There were two major lessons I learned from this show. One came as a result of being at the show during its taping and the other was from the show's post-production party.

For their guest spot, Duck's Breath was doing a sketch called "It's a Box. It's More than a Box." I don't remember the specifics of the sketch and for the purpose of this essay it doesn't really matter.

What does matter is that after they had completed the sketch, the director came out and said, "Sorry. I'm sorry. We didn't pick it up on tape. We have to retape. And could you audience members please laugh at the funny parts again?"

Duck's Breath had to come out and do exactly the same bit over again and we had to pretend to enjoy it again. And I thought this is the most unfulfilling, unrewarding experience a performer could have. In that instant, I made up my mind "television sucks!" Why would anyone want to deal with that?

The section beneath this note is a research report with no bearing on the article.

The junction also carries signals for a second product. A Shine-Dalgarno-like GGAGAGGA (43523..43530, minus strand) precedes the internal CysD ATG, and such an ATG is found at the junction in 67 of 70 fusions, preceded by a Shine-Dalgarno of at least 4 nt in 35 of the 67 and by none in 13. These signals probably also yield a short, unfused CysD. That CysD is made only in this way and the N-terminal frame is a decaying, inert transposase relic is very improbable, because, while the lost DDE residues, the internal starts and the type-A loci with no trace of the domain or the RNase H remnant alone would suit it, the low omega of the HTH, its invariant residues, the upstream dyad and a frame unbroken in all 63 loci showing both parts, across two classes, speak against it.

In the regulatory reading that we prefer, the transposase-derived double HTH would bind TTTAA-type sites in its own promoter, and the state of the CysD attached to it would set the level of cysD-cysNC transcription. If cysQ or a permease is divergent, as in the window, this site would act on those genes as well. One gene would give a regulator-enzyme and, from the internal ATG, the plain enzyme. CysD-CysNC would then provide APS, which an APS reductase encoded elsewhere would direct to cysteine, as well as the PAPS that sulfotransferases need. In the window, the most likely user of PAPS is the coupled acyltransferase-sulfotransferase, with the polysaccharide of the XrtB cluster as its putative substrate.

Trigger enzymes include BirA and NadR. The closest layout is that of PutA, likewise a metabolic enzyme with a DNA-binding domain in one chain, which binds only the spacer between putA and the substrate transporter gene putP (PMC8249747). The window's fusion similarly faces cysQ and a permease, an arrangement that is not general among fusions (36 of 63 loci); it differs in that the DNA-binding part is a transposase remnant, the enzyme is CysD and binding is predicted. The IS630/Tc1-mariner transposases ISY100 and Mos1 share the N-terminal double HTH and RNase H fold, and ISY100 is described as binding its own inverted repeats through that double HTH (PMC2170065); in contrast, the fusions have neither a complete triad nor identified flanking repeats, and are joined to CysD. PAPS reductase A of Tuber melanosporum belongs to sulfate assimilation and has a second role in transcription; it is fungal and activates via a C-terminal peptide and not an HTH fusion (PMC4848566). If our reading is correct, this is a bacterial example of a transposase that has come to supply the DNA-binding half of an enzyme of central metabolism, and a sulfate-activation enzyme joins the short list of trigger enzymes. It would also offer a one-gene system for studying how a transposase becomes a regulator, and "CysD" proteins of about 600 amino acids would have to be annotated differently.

By this time, I had come to the realization that my writing career was going to take longer to get fully established than I had hoped so I had taken a job as a bartender at the "Zoo" (oh, strictly temporary of course).

And at the time, it was not widely known that I was also living and sleeping at the Zoo since there was no money to pay me a full salary. Tony was still doing the producing job I had turned over to him a couple of years earlier.